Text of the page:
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Anthony Carlile

Dun Huang

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As a major stop on the ancient silk road, Dun Huang is a city surrounded by ancient sites and points of interest. This makes the city the perfect base to see so much natural and ancient beauty that this part of China has to offer. 

Crescent Lake and The Gobi Desert

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Desert "entrance" 

Dun Huang offers a gateway to the sand dunes of the Gobi Desert, and the famous Crescent Lake. The "entrance" to the desert is on the edge of the city and offers you breathtaking desert views straight away.

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Gobi Desert

You will undoubtedly be here for a camel ride into the dunes and to the Crescent Lake, and this is a trip that is well worth the time and money. 

Most of the locals choose to wear the orange "cloth boots" to keep the sand out of their shoes and off their feet. These aren't expensive to hire (20 kuai) but be warned that they are never really washed, so the hygiene of the boots  is questionable.

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Me with my camel for the desert trek 

Once you get on the sand you will be greeted by your group guide and your camel, who you will get to know very well over the next few hours. 

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Camel Pick-Up Point 

Once you've got your camel and you're safely on board, you will be guided through the dunes in small groups, at a steady pace, until you reach the first rest point. 

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Trekking through the dunes on camel 

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At the first stop point 

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Sand sledge

At the first rest point you will find drinks, shade, and activities including sand sledging, which you can do for a small fee. 

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Camels at the first rest point 

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Camel trekking 

After some more trekking you will find yourself at the Crescent Lake, which is quite literally a lake shaped like a crescent in the desert.  

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The Crescent Lake 


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Me at the Crescent Lake

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At the Crescent Lake 

At the Crescent Lake there are a series of buildings including pagodas and shops. 

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At the Crescent Lake 


Dun Huang City

Dun Huang is a great base from which to see so many different things in the area, but the city itself is also worth spending time in. It's a typical Chinese city that has grown fast with China's economic rise, but it lacks the western influence that places like Shanghai and Beijing have.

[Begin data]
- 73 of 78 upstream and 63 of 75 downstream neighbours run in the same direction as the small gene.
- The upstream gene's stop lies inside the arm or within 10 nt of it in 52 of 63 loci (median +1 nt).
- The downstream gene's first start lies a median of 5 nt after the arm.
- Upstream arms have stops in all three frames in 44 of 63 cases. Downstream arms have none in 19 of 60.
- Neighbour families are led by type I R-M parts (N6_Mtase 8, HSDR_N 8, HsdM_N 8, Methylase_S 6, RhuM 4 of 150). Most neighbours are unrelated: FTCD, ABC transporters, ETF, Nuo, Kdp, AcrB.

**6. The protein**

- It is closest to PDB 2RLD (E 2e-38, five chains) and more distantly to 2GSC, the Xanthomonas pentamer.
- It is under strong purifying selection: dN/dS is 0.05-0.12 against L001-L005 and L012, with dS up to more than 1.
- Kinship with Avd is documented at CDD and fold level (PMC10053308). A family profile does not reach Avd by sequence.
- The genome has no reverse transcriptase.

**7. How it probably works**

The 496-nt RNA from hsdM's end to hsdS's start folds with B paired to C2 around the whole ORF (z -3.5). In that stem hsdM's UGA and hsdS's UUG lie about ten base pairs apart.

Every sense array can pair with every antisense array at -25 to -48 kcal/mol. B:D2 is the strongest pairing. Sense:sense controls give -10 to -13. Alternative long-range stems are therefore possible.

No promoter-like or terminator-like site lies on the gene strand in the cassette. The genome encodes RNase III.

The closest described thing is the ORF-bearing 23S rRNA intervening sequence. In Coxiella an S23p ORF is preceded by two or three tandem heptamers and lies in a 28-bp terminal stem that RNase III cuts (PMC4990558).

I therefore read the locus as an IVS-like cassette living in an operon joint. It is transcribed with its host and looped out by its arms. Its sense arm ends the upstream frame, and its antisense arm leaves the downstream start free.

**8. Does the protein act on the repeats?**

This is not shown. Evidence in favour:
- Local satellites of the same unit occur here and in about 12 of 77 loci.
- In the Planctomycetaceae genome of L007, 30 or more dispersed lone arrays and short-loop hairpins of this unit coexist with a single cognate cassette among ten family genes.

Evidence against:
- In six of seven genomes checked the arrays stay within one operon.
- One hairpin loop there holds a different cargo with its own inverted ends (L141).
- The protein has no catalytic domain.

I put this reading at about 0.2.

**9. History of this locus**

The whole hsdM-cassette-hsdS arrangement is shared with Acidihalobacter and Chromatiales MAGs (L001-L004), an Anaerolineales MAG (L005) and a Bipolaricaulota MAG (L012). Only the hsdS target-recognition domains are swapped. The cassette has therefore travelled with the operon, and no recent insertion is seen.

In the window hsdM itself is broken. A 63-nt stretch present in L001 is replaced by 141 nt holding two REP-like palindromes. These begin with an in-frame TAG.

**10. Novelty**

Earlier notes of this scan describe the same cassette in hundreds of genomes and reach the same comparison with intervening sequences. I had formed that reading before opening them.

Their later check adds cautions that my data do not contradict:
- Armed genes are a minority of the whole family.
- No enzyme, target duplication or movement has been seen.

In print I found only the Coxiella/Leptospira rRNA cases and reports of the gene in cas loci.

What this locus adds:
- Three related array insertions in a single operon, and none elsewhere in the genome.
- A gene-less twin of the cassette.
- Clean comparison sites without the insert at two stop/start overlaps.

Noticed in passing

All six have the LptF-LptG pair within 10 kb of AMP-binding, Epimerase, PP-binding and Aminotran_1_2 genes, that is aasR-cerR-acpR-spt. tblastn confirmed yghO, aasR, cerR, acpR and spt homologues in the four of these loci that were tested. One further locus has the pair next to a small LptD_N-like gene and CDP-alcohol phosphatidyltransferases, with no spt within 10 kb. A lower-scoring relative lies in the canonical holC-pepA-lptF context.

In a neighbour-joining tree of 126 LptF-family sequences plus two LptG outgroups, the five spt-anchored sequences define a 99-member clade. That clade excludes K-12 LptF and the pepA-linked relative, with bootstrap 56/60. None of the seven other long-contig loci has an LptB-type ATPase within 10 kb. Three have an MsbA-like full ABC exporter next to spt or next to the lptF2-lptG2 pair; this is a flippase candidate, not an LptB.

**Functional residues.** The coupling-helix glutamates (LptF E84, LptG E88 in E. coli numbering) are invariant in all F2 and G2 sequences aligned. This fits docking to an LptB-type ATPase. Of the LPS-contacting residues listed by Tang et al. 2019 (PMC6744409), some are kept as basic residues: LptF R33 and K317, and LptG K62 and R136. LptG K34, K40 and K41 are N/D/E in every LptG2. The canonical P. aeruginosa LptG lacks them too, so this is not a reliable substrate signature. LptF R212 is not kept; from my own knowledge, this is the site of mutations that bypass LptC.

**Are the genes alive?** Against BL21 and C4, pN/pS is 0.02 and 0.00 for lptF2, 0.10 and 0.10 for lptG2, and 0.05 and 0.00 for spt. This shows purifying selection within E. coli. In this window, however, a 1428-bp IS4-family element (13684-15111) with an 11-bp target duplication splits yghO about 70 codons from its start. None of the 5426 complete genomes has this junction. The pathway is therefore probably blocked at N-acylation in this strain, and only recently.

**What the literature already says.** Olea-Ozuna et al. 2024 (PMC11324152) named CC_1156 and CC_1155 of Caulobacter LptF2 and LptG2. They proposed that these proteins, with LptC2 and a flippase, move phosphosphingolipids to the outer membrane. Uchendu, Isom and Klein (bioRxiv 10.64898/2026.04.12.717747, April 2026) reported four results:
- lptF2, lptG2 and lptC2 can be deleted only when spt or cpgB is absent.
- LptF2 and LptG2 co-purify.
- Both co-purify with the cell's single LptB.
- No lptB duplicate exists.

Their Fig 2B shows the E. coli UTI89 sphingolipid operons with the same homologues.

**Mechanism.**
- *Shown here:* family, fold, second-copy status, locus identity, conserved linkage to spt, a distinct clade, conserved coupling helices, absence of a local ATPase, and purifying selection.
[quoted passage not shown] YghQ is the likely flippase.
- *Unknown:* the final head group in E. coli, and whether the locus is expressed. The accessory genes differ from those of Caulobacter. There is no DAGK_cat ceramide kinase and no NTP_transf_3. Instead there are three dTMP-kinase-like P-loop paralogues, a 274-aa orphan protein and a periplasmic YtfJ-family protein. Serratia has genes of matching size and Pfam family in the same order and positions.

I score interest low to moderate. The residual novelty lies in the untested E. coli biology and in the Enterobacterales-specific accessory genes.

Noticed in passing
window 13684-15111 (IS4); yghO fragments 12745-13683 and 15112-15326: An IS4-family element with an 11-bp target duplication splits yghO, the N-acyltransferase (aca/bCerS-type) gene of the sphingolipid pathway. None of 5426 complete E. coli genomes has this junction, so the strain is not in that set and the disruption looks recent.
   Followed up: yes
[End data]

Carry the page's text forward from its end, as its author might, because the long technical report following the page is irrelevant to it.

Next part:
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Entrance to the main market in Dun Huang 

One of the main attractions of the city are the bustling market streets, which are busy both during the day and at night. Here you can spend hours shopping for souvenirs, local produce and also dine in one of the many restaurants. 

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Main market in Dun Huang 

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Dining in Dun Huang market 

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The Danghe River

The river Danghe runs through Dun Huang and provides a cooling rest bite from the hot city. A walk along the river will also give you chance to see some ancient looking (but modern built in reality) buildings which make for good photo opportunities. 

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Me on the Danghe River

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Chinese men playing cards on the Danghe River 

Like all Chinese cities, Dun Huang has temples that you can visit. 

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Temple entrance in Dun Huang 

Jade Pass / Yumen Pass

The Jade Pass (also known as the Yumen Pass) is located west of Dun Huang city, and was a pass on the Silk Road. It acted as the final outpost in Ancient China for travellers heading to India and the Roman Empire.

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The Jade Pass / Yumen Pass 

Today, visitors can walk around the ruins (although some parts are fenced off). 

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The Jade Pass 

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The Jade Pass 

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The Jade Pass 

Han Great Wall

At this westerly end of the Han Wall, the building materials are dirt and sand mixed with layers of straw and wood.  Construction on this part of the wall started in 127BC, dating it much older than the more famous Great Wall of China. 

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The Han Great Wall 

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Me at the Han Great Wall 

The wall is fenced off, but you can still take some decent pictures and have a good look at the wall. 

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The Han Great Wall 

Ya Dan

With its unique rock formations, unique desert and breathtaking scenery, Ya Dan is a must visit if you find yourself in this part of China. It's a fair coach journey from Dun Huang, but is well worth the visit. 

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Ya Dan 

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Me at Ya Dan 

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Me (in the distance) at Ya Dan 

Anthony Carlile 

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